Life amid death

News is starting to trickle into the mainstream media from places beyond Port-au-Prince. Meanwhile, those places to continue to struggle, with little to no aid reaching them yet.


Several bits of news from Léogâne have come up on Lauren Stanley+’s blog. Hilda Alcindor, director of FSIL (the nursing school in Léogâne), had this to say (read more at Lauren+’s blog):

Our students are doing a wonderful job.

FSIL is about the only healthcare facility in Leogane. We need all kind of medical supplies.

The students are delivered so far four babies: 3 boys one girl. All of them are healthy.

We lost three students ( 1 senior, 1 junior, 1 sophomore) The sophomore perished with her little girl. It is overwhelming but I am holding on.

The staff of the Children’s Nutrition Program, all of whom are now back in the US, also sent an update that confirms previous reports about the state of the Sainte Croix hospital compound. They are preparing to send a medical team to Léogâne to set up a field clinic within the week and are requesting donations to assist in that effort.

Dianne Pizey, who has led many of the St. John’s trips to Haiti, spoke with Yoleine Gateau, the owner of a guesthouse in Léogâne where St. John’s members stayed in June 2009 (a different one from the Ste. Croix hospital guesthouse). She reports as follows:

[Yoleine] had just returned to New York from Haiti a week before the earthquake. Today she was able to contact her friends and family at the guesthouse. They are all uninjured. The top floor of the guesthouse collapsed.

Her family tells her that helicopters have arrived in Léogâne with aid. They say that there are many orphaned children in the streets. Yoleine is hoping to get a delelgation together to travel there in February, to try to organize care for the orphans.

Confirmation that aid is reaching Léogâne is starting to come through on the news. A 40-person British search and rescue team has arrived there, as has a first shipment of UN food aid. The attention may have come because of video footage the BBC showed yesterday and another report filed today. According to that report,

The UN base at Leogane is full of vehicles, equipment, food, water and men [...] [b]ut instead of being out in the village, the UN representatives at this base are clustered around the front gate, laughing as they buy shampoo from a local salesman.

This in a town that the UN’s spokeswoman for the Office for the Coordination of Humanitarian Affairs, Elisabeth Byrs, is reporting is “the worst affected area, with 80 to 90 per cent of buildings damaged” (report via Australian Broadcasting Company—the other ABC).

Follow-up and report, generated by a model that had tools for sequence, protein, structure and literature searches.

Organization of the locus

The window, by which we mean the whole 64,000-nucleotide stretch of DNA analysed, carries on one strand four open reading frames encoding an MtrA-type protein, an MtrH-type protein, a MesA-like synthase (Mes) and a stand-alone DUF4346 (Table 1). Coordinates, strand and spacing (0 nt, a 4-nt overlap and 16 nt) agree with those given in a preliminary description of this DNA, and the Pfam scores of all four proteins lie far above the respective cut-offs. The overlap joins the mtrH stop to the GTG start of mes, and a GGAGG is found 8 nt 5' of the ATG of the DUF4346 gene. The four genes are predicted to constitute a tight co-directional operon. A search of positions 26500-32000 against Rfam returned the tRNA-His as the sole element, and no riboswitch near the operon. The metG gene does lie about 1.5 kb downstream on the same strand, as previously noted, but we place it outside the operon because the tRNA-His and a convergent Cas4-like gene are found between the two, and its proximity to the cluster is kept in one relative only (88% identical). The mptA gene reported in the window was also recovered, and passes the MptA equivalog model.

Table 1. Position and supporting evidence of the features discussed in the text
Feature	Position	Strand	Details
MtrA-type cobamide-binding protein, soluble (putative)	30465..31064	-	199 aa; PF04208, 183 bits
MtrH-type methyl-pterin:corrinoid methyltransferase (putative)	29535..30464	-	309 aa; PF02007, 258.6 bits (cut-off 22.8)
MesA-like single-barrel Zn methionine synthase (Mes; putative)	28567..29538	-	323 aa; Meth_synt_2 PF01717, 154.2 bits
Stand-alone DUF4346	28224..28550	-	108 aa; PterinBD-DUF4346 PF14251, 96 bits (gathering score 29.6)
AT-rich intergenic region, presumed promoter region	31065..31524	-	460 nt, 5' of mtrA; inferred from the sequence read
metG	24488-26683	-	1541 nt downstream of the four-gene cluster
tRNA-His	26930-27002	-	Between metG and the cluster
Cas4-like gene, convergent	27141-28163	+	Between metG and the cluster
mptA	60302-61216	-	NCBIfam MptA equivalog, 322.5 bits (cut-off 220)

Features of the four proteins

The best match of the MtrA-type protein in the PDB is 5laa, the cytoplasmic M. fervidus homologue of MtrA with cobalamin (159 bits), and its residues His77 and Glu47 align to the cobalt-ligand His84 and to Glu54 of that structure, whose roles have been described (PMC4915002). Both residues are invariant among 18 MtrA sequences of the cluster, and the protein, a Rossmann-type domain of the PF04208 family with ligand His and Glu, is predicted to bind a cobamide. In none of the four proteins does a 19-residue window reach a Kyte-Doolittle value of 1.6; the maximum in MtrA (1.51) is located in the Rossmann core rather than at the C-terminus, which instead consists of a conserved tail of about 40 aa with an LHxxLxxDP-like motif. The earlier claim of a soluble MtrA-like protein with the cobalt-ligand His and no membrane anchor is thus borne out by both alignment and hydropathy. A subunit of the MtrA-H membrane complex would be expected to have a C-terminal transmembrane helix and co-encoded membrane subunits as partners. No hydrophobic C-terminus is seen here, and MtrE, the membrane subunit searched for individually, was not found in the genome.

News is also beginning to come in from Gressier. The aforelinked ABC article reports 40 to 50 percent of buildings there are destroyed. An account from Haiti Health ministries (not affiliated with the Episcopal Church as far as I know, but they do have a Minnesota connection) from Thursday describes much the same situation as in Léogâne. There, as at FSIL, babies are being delivered amongst all the trauma care being provided, and as in Léogâne, supplies are short.

Other news from Gressier comes from Michele Braithwaite, who commented here on Thursday about the House of Hope orphanage, which is supported by Good Shepherd in Burke, VA, as well as from Tryggvi Arnason of Holy Innocents in Atlanta, GA, who received the following from Precene Louis at St Mathieu in Gressier:

Dear Father, thank you for your message. we are at the residence are alive. we are living out side the gate. let me tell you that this morning I went to father Jean Berthold . I met him. he told me that he has so many people died from the church. And i see the church is destroyed. he told that everything is gone.

keep praying for us because we need help.


Although Minnesota Episcopalians don’t have direct connections to Jacmel, many of us from St. John’s who have been to Haiti have enjoyed an afternoon on the beach there. It’s reportedly hard-hit as well. KONPAY is attempting to get medical aid into Jacmel by boat and by plane. The Miami Herald has posted a video of the destruction there (warning, graphic). The Ciné Institute, a film school for Haitian youth in Jacmel, is regularly posting news, video, and photos, and Gwenn Mangine is blogging from the hospital there.

Episcopalians in the news

I’ll close this post with a roundup of mainstream media coverage of the Episcopal Church’s efforts in Haiti after the quake. Mallory Holding, one of the Episcopal Young Adult Service Corps missionaries assigned to Haiti, was interviewed by her local ABC station on Friday (via by Lauren Stanley).

A local TV station in Austin, TX, [interviewed John & Suzi Parker's daughter][3], the content of which is mostly drawn from the e-mail Suzi sent on Friday:

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